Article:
After being convicted of political corruption in 2018, former Assembly Speaker Sheldon Silver made a desperate plea to have his seven-year sentence reduced, writing, “I pray I will not die in prison.” On Monday, the 77-year-old Democrat, who received financial kickbacks from a New Hyde Park-based real estate firm, died in federal custody.
Silver was first elected to the state Assembly in 1973 from the Lower East Side of Manhattan. As speaker, he held sway over many major legislative decisions from 1994 until his arrest in January 2015. Later that year, he was convicted of political corruption charges and sentenced to 12 years in prison, a decision that was overturned in 2017 after a Supreme Court ruling which narrowed the definition of corruption.
In May 2018, Silver was again found guilty on seven counts of bribery, extortion, money laundering and honest services fraud after receiving more than $1 million in kickbacks disguised as legal referral fees to his firm, Weitz & Luxenberg. After receiving payments from Glenwood Management, a real estate firm in New Hyde Park, a Manhattan developer and a Manhattan physician, Silver directed state actions that benefited the parties he obtained money from.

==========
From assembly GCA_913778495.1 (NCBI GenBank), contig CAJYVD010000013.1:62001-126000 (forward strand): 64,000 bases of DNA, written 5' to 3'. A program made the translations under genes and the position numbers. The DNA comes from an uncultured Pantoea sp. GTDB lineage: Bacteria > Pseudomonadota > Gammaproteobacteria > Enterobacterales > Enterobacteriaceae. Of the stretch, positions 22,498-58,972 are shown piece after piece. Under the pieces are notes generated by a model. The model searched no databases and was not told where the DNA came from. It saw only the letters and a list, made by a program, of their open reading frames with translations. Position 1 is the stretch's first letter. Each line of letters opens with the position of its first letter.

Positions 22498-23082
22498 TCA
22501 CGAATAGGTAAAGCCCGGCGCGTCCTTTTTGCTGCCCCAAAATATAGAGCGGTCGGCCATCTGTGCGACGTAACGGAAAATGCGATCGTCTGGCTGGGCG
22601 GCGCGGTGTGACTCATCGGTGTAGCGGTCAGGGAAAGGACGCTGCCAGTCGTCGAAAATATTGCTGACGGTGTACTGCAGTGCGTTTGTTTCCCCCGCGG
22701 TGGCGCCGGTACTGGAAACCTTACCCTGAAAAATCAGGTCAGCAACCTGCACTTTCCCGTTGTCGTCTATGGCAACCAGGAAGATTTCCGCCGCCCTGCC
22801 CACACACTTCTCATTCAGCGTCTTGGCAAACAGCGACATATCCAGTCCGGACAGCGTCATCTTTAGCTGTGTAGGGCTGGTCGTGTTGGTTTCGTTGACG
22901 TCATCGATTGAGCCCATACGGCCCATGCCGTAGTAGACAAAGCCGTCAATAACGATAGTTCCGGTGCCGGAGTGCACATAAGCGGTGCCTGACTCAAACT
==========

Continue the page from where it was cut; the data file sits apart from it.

In July 2018, Silver was sentenced to seven years in prison. Before his arrest, Silver was one of the three most powerful politicians in New York, a list that included former Senate Majority Leader Dean Skelos and former Gov. Andrew Cuomo.
Glenwood Management also played a part in Skelos’ trial, where he was also convicted on corruption charges.
Silver’s former chief of staff, Judith Rapfogel, told The New York Times that he was incarcerated at Devens Federal Medical Center in Ayer, Massachusetts. Silver died at the Nashoba Valley Medical Center, according to The Times, though the cause of death was not immediately confirmed.
Assembly Speaker Carl Heastie, a Democrat who replaced Silver after his conviction in 2015, touted his predecessor’s efforts to help rebuild lower Manhattan following Sept. 11 along with prioritizing New Yorkers’ quality of life throughout his tenure in the Assembly.
“I will remember Shelly for his many legislative accomplishments,” Heastie said in a statement. “For years he was the lone voice in the room pushing back against many regressive policies that would have harmed so many New Yorkers, and he presided over landmark laws to improve the lives of our most vulnerable residents. My heart goes out to his wife, Rosa, and his children, grandchildren and many friends during this difficult time.”
Born on Feb. 13, 1944, Silver was the youngest of four children whose parents immigrated to the United States from Russia. Silver, an Orthodox Jew, received his bachelor’s degree from Yeshiva University and a law degree from Brooklyn Law School. According to The Associated Press, Silver was known to observe Sabbath despite lengthy legislative meetings.